Problems with solar can develop. Cracking of lenses, loose electrical connections or loose panels and growth of nearby vegetation causing shading can occur. Modern electronic solar equipment like optimizers, mini-inverters and larger inverters perform system management that was barely conceivable only a few years ago. They are quite amazing and most of the time work extremely well, but failures do happen, even in quality brands; quality means it is less likely and will be easily sorted out when it happens.

Both grid-tied and off-grid owners should be aware of your actual, normal and estimated monthly production and be on alert for any unexplained inconsistencies, which can be investigated. Other than that, a visual inspection done semi-annually of all parts to correct any detected issues (like loose connections or panels) should keep your system in good repair and running trouble-free. For off-grid folks with pole arrays, your semi-annual visual inspection can be when you go out and change your array angle for summer and winter.

Battery types and brands vary in maintenance requirements, so follow your installer’s and manufacturer’s instructions and ensure that your equipment is charging at the expected frequency and getting the expected results and/or have that included in a maintenance contract.

About Mechanical Trackers

Trackers were used for off-grid pole mount installations in the old days before LED lighting and high-wattage PV panels, when life off-grid was pretty limited, electrically-speaking. They allowed the PV array to change its angle to the sun (making it more direct or closer to perpendicular) in one or two planes (single and dual axis) to physically track the sun over the course of the day to maximize production. Today they are often used in grid-tied installations in some jurisdictions as they can be quite cost-effective, if the price being paid by the utility for your production is high enough. Currently, in BC, our main utilities do not pay high prices for small power producers. BC Hydro is currently paying approximately 10 cents per kWhr.

For either off-grid or grid-tied installations, a cost benefit comparison should be made to evaluate if a tracker is a reasonable investment. The production value of the tracker must be compared to the total cost of the tracker: its installation, plus maintenance costs and lost income during its downtimes, which will most definitely happen. Crunch the numbers if you are considering this, but I have yet to see one for a small producer (grid-tied or off-grid) in BC that is justified. In most circumstances, if you want more production and have the space and solar access, it is more economically effective to simply add more panels.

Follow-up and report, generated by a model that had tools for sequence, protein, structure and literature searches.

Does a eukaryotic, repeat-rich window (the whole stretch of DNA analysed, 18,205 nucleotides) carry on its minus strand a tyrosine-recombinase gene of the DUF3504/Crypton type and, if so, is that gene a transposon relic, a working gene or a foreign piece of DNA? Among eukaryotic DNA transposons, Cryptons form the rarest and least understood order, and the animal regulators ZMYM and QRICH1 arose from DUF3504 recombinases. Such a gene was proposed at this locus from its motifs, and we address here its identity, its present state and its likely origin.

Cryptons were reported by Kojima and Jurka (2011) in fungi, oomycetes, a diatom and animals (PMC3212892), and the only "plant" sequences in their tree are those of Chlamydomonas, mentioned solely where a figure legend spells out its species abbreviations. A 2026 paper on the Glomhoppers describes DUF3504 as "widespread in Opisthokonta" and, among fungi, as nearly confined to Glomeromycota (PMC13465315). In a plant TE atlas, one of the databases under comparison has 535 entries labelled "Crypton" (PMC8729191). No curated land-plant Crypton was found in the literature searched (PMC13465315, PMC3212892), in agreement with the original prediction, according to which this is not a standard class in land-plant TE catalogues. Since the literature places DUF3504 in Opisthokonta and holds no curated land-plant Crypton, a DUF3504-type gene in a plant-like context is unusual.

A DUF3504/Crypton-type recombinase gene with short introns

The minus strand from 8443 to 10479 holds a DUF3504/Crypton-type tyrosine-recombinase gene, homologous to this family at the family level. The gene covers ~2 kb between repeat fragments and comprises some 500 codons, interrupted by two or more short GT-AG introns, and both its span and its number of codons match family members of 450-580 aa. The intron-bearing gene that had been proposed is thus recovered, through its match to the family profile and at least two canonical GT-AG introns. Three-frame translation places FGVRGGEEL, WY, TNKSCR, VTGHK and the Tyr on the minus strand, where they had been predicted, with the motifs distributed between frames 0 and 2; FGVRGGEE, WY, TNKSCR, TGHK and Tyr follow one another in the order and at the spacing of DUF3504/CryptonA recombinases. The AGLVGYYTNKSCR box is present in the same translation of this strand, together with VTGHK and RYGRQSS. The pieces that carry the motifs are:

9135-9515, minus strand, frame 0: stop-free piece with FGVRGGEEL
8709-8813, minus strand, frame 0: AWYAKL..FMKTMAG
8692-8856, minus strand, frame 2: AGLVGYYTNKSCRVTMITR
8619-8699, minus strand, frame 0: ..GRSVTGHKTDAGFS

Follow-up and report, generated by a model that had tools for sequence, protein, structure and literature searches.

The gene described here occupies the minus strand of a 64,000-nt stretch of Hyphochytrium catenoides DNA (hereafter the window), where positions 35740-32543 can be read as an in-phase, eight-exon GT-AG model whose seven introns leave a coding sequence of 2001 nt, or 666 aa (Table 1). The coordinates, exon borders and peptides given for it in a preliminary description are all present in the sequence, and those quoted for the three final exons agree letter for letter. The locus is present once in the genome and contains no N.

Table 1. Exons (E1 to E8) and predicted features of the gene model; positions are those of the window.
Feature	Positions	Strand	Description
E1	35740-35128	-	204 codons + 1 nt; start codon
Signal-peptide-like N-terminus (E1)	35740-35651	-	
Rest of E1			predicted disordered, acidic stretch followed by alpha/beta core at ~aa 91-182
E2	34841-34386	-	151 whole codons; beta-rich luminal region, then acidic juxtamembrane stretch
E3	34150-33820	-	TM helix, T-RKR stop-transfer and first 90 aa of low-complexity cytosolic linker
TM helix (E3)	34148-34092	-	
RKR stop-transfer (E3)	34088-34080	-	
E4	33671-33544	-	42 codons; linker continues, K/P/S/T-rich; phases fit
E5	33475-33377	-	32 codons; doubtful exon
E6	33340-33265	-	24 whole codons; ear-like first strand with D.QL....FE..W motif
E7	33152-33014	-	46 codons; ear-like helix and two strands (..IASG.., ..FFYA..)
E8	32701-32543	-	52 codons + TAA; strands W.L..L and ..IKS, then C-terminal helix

About Racking

Ground Mounts

Now, you know from my website here that I am all about appropriate materials and decreasing cement and metals use. But there are places for these materials and your power production racking is one of them. In most cases, over the lifetime of the installation, using these higher embodied energy structural materials will still cost the environment less than a wood frame racking that has to be replaced one or more times during the equipment’s lifetime.

Wood racking is completely acceptable for small installations but ideally will be made with larger timbers, not small dimensional lumber. Ultimately, even a well-made wood frame will deteriorate before the life of that PV array, so why not just build the frame to match and not risk those conductors to a shifting frame in the future? Install racking that will hold up to the lifetime of the equipment and weather our Canadian climate that includes exposure to snow, wind, rain, sun and repeated freeze-thaw cycles.

Roof Mounts

Reputable installers will have roof racking and installation procedures for preventing water penetration for all roof types. If you are building new, standing seam steel roofs provide a surface for solar clamp attachment that gives excellent structural support and avoids roof penetrations altogether. If you have a shingle roof that is in need of replacement soon you will most likely want to wait until it is replaced to install your PV system but you can check in with your roofer and PV supplier about your plans to help you decide when to proceed.